Biodiversity is related to vital ecological processes such as nutrient and water cycles, pest management, and disease control in agroecosystems [9, 14], which help maintain quantity, quality, and reliability of ecosystem services [15, 16]. Recent investigations indicate that diversification of agricultural ecosystems provides many advantages such as increasing crop yield, carbon sequestration, weed and pest suppression, etc. [6, 1722]. Also, crop diversity has a significant effect on the stability and sustainability of crop production [2326]. However, it has been proven that the proportion of natural and semi-natural habitats and traditional management practices may play a more important role in determining the level of biodiversity, providing habitats for a variety of species (such as animal and insect species in an agricultural ecosystem) and associated ecosystem services [27, 28]. Therefore, determining guidelines and policies to preserve and increase biodiversity in agricultural environments is important given the importance of agricultural systems in maintaining biodiversity in the region [29]. In some areas, the guidelines and policies affect natural habitats and in other areas only agricultural lands [27]. For example, one of the traditional agricultural practices characterized by minimal tillage and preservation of natural and semi-natural areas is agroforestry, which creates potential hotspots for biodiversity [27, 30, 31]. Moreover, the most traditional form of agricultural activity prevalent in many Asian countries and some tropical regions is increasing crop diversity through intercropping [3234]. Compared to monoculture, this method not only reduces diseases and pests, but also minimizes soil erosion in various cropping systems with more intensive and extensive soils [35, 36].

Various mechanisms lie behind the positive impacts of crop diversity on biodiversity and ecosystem services (such as provisioning, supporting and regulating) [37, 38]. Globally, increasing crop diversity positively impacts all disease and pest management subsectors, i.e., disease, pest, and weed control, and crop damage reduction. Increasing crop diversity changes weed dynamics by limiting available resources such as water, light and minerals for weed species [38, 39]. Increasing canopy complexity in diversified cropping systems not only provides shelter to natural enemies, but also reduces the spread of diseases and pests through physical barriers and microclimatic changes [40, 41]. In addition, crop diversity improves all indicators of soil quality, including soil chemistry and physics and soil carbon content [42, 43]. Although increasing plant diversity in natural grasslands leads to increased soil carbon storage, enzymatic activity and microbial biomass [44, 45], the percentage of similar effects in diverse cropping systems is still debated. It is possible that increasing soil function and diversity may have a positive effect on crop yield by increasing nutrient mobilization and microbial activity or reducing the accumulation of pathogens [4649]. This is while present agricultural approaches may have reduced the biodiversity of agroecosystems [50]. In contrast to multiple cropping, agricultural intensification, mechanization, specialization and increase in field size are decreasing agricultural diversity at the landscape level [51, 52].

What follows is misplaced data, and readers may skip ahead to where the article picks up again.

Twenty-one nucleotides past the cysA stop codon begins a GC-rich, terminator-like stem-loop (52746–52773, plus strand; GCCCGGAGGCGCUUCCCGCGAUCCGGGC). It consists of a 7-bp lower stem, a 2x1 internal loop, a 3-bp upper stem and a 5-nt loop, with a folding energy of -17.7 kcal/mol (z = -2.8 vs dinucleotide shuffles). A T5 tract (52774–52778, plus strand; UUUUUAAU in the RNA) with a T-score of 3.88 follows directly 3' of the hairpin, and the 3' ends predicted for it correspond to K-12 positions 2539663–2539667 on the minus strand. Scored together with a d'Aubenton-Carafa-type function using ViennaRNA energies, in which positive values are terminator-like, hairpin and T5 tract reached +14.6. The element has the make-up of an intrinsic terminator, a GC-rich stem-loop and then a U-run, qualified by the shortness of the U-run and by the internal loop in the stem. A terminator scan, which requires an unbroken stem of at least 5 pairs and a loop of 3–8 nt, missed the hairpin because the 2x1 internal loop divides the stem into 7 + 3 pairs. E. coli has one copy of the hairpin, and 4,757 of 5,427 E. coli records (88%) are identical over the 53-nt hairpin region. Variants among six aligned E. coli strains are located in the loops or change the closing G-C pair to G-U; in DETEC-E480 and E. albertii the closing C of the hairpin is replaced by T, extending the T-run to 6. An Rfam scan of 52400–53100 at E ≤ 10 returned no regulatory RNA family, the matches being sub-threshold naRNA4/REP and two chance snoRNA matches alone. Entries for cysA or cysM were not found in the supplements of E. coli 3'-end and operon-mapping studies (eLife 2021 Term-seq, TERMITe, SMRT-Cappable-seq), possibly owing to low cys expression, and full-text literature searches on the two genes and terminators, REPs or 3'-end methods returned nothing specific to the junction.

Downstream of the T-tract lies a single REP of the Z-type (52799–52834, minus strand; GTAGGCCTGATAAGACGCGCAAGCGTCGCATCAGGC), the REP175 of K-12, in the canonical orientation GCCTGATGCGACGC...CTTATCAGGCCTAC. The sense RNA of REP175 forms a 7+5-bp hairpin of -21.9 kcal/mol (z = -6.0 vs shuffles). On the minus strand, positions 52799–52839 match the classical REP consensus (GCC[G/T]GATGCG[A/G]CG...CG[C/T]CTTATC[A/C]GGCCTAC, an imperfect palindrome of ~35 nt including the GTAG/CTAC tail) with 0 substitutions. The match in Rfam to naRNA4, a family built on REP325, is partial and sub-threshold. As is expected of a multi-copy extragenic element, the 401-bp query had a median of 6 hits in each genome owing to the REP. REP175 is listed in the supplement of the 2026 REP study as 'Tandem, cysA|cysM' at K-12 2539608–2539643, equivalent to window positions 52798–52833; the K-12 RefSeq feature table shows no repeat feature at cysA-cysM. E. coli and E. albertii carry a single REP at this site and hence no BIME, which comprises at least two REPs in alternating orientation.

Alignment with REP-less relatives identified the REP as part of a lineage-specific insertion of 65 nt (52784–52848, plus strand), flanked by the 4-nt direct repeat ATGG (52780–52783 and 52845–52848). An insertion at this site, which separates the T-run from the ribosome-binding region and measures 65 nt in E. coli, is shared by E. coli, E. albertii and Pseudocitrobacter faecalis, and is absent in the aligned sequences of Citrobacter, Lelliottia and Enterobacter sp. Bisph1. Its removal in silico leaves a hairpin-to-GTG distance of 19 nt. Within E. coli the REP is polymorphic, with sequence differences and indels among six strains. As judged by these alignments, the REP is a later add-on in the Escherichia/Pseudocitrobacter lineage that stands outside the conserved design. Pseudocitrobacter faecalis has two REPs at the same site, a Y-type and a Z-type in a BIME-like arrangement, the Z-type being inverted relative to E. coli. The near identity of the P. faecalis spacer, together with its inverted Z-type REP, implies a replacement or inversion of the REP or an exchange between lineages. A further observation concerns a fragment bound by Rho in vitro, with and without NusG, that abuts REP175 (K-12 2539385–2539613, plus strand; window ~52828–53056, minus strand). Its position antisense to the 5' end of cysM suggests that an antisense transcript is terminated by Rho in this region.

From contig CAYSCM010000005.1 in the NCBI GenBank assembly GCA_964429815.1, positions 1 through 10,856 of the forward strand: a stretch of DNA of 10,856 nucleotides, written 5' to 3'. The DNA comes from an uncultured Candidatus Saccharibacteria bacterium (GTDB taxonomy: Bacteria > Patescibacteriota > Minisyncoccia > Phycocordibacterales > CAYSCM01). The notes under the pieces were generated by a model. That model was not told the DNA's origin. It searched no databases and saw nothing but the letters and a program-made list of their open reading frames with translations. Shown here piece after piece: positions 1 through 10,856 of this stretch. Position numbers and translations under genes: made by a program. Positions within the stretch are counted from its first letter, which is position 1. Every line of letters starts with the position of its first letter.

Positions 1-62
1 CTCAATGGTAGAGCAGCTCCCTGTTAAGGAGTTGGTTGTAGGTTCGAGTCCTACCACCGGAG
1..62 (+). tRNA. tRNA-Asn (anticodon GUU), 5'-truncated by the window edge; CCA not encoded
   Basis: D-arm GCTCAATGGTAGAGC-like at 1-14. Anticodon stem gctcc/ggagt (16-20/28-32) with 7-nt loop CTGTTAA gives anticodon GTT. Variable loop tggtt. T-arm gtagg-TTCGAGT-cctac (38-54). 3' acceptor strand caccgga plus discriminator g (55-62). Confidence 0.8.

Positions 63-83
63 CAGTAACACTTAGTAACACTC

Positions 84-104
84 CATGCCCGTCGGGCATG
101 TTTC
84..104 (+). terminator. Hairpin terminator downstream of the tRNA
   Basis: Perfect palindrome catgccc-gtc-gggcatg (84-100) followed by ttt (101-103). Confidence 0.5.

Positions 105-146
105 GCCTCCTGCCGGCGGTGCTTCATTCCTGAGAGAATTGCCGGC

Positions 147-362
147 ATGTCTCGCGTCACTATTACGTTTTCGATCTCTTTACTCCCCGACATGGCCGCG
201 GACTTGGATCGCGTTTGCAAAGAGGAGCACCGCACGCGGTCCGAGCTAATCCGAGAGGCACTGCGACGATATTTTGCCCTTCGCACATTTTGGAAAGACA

On the other hand, the current approach of agriculture, which is more influenced by economic incentives and agricultural policies (influencing farmers’ decisions through financial assistance) to produce several selected crops with the belief in more monocultural production rather than diversified agricultural systems, is one of the obstacles to advance the strategy of increasing the flexibility of agricultural systems [7, 53]. But this approach, under the pretext of increasing population rates and the food they need, has led to fundamental contradictions, such as changing allocation, distribution of food growth potential, declining biodiversity, global environmental changes in water and soil quality, changes in the means of production, land allocation to fewer landowners, changes in class structures and undermining human cultures [54, 55]. Ironically, intensive agriculture and monoculture, by changing the water cycle, increasing pollution, and participating in climate change, threatens all the very important and effective bases that allow the green revolution. Thus, these contradictions, along with climate change over the coming decades, in addition to threatening the sovereignty, security and knowledge of indigenous peoples and peasants, and the security of modern food-dependent cultures, lead to reduced food quality, food shortages, and rising prices [4, 54].